Wrestling with Curiosity

April 11, 2010

Curiosity drives learning.

It’s what taught us to feel and to learn as a child – what we have felt with tactilly, smelled, heard, saw, and tasted.

Curiosity is important, it comes directly from within.

But it should not be without the intermittently necessary sense of caution.

One should not peek into a dark hole in the ocean only to find his face bit by an eel.

Curiosity should be utilized with a sense of caution, with experience. Despite this, it is still an extremely important driving force for learning – for real substantial learning.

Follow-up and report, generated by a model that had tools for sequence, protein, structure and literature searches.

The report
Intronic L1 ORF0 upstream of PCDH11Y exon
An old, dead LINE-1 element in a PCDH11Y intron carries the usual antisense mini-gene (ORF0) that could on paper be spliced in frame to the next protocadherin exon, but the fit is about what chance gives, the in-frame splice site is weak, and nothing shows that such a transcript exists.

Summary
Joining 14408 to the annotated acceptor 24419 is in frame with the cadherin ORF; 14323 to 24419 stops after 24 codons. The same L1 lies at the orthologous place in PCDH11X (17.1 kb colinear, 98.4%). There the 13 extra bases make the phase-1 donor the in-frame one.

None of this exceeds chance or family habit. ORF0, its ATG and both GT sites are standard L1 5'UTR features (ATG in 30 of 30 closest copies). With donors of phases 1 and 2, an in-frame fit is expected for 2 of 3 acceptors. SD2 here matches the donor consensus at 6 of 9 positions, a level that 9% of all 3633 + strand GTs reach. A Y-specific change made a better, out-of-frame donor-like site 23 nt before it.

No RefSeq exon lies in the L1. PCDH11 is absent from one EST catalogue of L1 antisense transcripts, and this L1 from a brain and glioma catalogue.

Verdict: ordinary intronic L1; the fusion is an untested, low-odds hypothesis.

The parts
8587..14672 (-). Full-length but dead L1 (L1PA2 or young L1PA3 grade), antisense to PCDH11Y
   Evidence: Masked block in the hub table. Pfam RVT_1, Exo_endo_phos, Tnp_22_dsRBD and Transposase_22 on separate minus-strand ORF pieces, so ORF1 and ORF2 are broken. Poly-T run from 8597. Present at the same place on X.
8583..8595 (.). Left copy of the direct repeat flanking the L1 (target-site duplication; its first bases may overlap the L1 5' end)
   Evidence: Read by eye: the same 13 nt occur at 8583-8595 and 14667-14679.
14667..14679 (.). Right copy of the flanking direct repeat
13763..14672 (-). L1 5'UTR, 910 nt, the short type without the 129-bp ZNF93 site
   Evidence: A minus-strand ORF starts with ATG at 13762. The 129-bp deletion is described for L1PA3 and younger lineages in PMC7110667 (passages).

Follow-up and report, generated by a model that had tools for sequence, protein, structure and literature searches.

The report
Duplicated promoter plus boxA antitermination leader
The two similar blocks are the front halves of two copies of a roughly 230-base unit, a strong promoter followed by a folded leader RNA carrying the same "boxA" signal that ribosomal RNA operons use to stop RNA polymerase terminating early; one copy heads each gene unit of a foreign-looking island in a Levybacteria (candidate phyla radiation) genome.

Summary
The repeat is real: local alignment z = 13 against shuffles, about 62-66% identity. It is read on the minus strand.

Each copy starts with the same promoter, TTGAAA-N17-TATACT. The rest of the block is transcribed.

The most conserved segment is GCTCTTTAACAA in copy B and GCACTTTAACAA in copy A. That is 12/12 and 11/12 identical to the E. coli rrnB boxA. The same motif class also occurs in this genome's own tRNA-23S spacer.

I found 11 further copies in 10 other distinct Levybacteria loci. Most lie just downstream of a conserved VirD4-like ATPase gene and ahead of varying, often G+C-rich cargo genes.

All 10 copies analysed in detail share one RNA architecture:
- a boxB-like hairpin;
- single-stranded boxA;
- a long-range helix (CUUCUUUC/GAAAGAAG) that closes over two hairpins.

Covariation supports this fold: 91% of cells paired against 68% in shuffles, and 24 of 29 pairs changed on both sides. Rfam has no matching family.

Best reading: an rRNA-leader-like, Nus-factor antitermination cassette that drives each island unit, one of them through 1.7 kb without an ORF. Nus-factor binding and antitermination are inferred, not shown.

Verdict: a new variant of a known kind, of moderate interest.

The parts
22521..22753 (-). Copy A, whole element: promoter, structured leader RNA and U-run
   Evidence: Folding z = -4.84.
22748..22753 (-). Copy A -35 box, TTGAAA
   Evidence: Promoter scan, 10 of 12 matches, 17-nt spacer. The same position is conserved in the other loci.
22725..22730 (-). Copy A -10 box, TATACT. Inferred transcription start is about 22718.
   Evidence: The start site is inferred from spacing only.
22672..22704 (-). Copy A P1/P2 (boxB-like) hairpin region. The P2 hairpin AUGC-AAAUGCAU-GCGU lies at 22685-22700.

Curiosity is not just asking why and then intellectually finding an answer. Curiosity involves all of the senses, and all of the brain’s faculties that you brain deems is most important to holistically learning as much as you can about something – as much as you can of all the most important aspects of that thing.


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